Upon our friend Leandro’s recommendation, Juan and I have been watching the Netflix documentary Chef’s Table, where each episode profiles a world-renowned chef.
Dan’s philosophy is simple – he aims to use everything that a farm can give to create food that enhances the natural flavors of its ingredients. In order to help us better understand Dan, the revered American food writer and chef Ruth Reichl gave the example that Dan strove to do things like “bring out the carrotness of a carrot”, in order to demonstrate how Dan worked with the food he had.
Long after the episode had ended, I kept thinking about Dan and his cooking philosophy. My mind kept returning to what Dan had said about keeping his plates uncomplicated so as not to distract from the highlights of the dishes – the ingredients themselves.
I heard him say over and over again that the American diet today is essentially an abundance of low-quality ingredients, and that we should really be focusing on improving the quality of the food that we eat (through improving the entire farm in itself), because if “you are what you eat”, as Michael Pollan states, then it naturally goes to say that “you are what you eat eats”.
It simply made completely logical sense to me.
Dan continually emphasized the concept of sustainable food, and we saw how he consciously uses local and seasonal ingredients in planning his menu at his Greenwich, New York-based restaurant.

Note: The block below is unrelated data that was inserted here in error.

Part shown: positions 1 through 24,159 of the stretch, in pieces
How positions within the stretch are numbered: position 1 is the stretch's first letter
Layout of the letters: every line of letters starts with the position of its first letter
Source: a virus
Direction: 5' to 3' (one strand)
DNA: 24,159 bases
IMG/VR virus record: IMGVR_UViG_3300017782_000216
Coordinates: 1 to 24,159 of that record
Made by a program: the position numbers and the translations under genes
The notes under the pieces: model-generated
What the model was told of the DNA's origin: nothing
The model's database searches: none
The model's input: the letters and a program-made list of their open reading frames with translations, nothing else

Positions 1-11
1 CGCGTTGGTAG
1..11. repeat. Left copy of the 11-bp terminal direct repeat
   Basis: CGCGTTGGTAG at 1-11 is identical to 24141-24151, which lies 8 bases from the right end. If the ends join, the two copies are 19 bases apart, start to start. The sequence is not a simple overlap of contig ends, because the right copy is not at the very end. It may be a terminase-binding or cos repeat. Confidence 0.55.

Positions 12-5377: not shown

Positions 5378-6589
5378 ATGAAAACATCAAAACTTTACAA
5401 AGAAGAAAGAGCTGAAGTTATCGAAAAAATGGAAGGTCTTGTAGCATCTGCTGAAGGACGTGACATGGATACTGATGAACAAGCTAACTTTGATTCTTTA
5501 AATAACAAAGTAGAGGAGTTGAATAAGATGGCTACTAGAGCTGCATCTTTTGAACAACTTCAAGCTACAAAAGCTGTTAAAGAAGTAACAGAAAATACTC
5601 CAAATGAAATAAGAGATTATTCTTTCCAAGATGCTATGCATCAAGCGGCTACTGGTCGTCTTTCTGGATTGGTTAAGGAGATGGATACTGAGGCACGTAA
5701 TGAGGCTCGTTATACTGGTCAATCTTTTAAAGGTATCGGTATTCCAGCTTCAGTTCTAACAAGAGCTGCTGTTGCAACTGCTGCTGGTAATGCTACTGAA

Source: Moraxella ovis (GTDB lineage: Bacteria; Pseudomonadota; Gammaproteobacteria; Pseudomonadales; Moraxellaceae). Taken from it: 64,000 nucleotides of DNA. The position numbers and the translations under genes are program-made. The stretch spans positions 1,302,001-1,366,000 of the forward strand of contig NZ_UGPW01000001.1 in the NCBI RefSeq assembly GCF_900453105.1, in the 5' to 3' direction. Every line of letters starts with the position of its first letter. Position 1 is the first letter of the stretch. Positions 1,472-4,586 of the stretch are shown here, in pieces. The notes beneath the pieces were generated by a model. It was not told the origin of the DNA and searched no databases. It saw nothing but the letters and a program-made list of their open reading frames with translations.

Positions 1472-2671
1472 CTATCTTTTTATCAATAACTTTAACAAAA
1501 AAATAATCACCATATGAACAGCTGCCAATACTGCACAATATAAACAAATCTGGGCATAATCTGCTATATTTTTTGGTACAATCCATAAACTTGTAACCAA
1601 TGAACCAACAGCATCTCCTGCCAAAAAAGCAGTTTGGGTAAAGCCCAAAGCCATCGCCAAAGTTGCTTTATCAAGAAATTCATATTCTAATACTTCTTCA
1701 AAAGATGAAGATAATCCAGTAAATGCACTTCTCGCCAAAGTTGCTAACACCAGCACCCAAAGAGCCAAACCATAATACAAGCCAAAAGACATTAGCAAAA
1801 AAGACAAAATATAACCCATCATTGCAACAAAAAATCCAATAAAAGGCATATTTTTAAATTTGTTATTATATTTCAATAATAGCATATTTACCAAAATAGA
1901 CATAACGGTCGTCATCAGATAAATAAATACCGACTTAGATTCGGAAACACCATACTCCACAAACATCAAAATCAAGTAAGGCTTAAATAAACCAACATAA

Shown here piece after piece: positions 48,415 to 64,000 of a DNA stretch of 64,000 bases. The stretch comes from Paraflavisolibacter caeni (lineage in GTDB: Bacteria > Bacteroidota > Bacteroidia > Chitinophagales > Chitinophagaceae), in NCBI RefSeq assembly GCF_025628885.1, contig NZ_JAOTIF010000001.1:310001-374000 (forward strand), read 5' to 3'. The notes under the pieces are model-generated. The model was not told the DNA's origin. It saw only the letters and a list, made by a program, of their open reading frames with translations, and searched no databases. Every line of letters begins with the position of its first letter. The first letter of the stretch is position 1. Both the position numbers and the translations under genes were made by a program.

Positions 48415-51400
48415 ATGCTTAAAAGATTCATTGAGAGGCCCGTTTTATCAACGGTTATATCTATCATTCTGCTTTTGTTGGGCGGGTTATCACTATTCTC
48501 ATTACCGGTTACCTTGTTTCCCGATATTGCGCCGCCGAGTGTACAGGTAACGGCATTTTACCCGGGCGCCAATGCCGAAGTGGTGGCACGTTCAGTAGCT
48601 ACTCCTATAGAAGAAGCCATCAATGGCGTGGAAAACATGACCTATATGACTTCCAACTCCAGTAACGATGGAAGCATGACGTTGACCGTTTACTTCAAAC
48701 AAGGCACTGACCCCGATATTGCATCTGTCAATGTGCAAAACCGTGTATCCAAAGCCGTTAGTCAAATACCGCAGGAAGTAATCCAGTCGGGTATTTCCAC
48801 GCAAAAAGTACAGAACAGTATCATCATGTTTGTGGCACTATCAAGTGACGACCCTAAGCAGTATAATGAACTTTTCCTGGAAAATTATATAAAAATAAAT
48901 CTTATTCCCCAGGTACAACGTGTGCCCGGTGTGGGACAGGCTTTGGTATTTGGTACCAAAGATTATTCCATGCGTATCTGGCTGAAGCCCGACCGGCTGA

Mainly, Dan stressed that ecological and sustainable farm systems produce the best-tasting foods, and he was shown often encouraging farmers to “breed for flavor”, as opposed to breeding with the sole purpose of increasing the bottom line.
It made me think about the types of dishes that could best show off the flavors and true form of the produce that we bring into our kitchens, and eventually feed to our bodies.
I believe it’s true that when a recipe gets overly complicated, it’s easy to lose the essence of the ingredients and their original tastes.
Today’s recipe is one that is extremely simple, but whose very simplicity pays homage to the few ingredients used – brussels sprouts, lemon and parmesan cheese – and allows their flavors to really shine.
You begin by slicing the washed brussels sprouts as thin as you possibly can, then sauté them with olive oil over medium-high heat. Add in a squeeze of lemon juice grated parmesan cheese, then mix well and add salt and pepper to taste.
In just under 30 minutes, you get a side dish that’s full of flavor – the citrus lemon balances out the natural bitterness of brussels sprouts, all rounded up with grated parmesan cheese that makes this healthy dish feel just a little more luxurious.
I think this makes a wonderful side dish for any dinner party – think Thanksgiving and Christmas – given that the holidays are coming up. But I know that you can always make this to compliment a main for your weeknight dinner.
Either way, this is food that you can feel good about feeding your family and friends.
So go ahead, serve it up generously, and enjoy!
- 20 oz. of brussels sprouts, sliced as thinly as possible
- 2 tablespoons of olive oil
- 2 tablespoons of fresh lemon juice
- ¼ cup of grated parmesan cheese
- Salt and pepper to taste
- In a large pan, heat two tablespoons of olive oil and sauté shaved brussels sprouts over medium-high heat until they are slightly soft but still bright green in color
- Squeeze in lemon juice and mix well before sprinkling grated parmesan cheese over.
- Add salt and pepper to taste.